Skip to main content

Washington State Route 155 and the Coulee Corridor

I recently took US 2 across Washington State from Leavenworth to Spokane, but decided to make a detour up to the Grand Coulee Dam. The detour took me up WA 155 from Coulee City along Banks Lake to Grand Coulee, through a place where roads meets epic geologic history. WA 155 is part of the Coulee Corridor National Scenic Byway, boasting quite a number of scenic views as it goes through the Grand Coulee.


The story of this stretch of land begins a long time ago, during the Ice Age. There was a large ice sheet known as the Cordilleran ice sheet that covered western Canada, as well as portions of Idaho, Montana and Washington State. Towards the end of this glaciation, about 12,000-15,000 years ago, a large ice dam blocked the Clark Fork River in the Idaho Panhandle, creating Glacial Lake Missoula. Glacial Lake Missoula was a massive lake 2,000 feet deep, filling the valleys of western Montana, stretching more than 200 miles. At its maximum height and extent, the lake contained more than 500 cubic miles of water. Every so often, the ice dam would fail, resulting in a large catastrophic flood, rushing across northern Idaho and eastern and central Washington, down the Columbia River, through the Columbia River Gorge, and finally poured into the Pacific Ocean at the mouth of the Columbia River.

Thundering waves and chunks of ice stripped away hundreds of feet of soil, carved  mountainsides into deep canyons, or coulees, into the underlying bedrock, deposited giant ripple marks, created the Channeled Scablands of Eastern Washington and carved the Columbia River Gorge. When Lake Missoula burst through the ice dam and exploded downstream, it did so at a rate 10 times the combined flow of all the rivers of the world and at speeds of about 65 miles an hour, draining in as little as 48 hours. This towering mass of water and ice literally shook the ground as it thundered toward the Pacific Ocean. Grand Coulee, along with Dry Falls and Palouse Falls were all were created by these flood waters.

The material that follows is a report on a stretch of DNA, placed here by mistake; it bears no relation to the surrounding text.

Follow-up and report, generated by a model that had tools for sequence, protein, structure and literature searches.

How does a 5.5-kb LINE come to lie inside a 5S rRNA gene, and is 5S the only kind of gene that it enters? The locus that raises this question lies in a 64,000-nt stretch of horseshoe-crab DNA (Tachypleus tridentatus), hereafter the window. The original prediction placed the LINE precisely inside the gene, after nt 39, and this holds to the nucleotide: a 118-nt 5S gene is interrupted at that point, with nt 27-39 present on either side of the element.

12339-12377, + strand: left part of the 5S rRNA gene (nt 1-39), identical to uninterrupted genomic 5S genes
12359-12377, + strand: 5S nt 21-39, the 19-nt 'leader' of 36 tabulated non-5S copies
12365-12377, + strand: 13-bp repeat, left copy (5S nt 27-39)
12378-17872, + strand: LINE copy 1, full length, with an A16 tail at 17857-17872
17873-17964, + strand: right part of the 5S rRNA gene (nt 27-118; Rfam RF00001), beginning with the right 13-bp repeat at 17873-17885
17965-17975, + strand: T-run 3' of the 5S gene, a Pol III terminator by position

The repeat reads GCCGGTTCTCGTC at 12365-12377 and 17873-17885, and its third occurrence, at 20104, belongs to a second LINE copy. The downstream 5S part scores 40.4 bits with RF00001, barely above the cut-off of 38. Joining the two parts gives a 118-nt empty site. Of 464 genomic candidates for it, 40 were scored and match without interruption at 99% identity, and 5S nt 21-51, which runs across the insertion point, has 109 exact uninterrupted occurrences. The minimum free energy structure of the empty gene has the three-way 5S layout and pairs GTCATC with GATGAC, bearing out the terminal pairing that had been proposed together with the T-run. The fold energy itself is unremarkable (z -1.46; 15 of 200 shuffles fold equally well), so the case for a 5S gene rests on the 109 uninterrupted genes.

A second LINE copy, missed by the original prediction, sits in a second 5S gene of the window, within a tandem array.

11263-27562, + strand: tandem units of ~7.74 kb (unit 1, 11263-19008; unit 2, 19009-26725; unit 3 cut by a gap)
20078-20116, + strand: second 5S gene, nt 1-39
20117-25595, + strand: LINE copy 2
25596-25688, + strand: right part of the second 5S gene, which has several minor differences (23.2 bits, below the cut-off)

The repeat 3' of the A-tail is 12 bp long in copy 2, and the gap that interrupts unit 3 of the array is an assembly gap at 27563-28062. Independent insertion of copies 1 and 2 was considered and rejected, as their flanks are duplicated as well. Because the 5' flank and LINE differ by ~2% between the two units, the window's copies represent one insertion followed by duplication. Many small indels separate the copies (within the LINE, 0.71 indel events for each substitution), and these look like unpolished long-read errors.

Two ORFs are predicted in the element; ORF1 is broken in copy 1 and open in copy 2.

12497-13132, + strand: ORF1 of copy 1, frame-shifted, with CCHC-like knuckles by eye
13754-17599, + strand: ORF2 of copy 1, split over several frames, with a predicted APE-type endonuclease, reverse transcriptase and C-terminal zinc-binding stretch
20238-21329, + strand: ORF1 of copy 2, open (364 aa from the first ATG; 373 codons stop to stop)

Today, the flooding is over, but the evidence of the Missoula Floods remain. WA 155 travels alongside a canyon that was once one of the channels of the Columbia River during these floods. It makes for a nice and memorable drive as the road meanders along the east bank of the 27 mile long Banks Lake and passes by Steamboat Rock State Park. Let's take a ride now, shall we?


We start near Coulee City, where US 2 veers east through rolling hills and pastures on its way to Spokane. We're some 27 miles away from the Grand Coulee Dam at this point. A few miles southwest of here is Dry Falls, which is an ancient waterfall that was once the world's largest waterfall.

You can start to make out the canyon walls that make up the edges of the coulee. There's also some grazing land for cattle.

Riding the edge of the canyon that will follow the roadway most of the way to the town of Electric City.
I spy a grand opening...

And boom goes the dynamite. That's an incredible view.
Banks Lake to our left, canyon walls to our right.

Obligatory WA 155 shield photo.

Steamboat Rock
Heading into the Northrup Canyon. This is a good area to go hiking and even see bald eagles during the winter.

Back to Banks Lake and canyon walls.
Getting into the outskirts of Electric City...

...and arriving at the junction of WA 155 and WA 174 in Grand Coulee. Both towns are near the Grand Coulee Dam. This is where our story ends, but there is a neat engineering marvel that you should see first.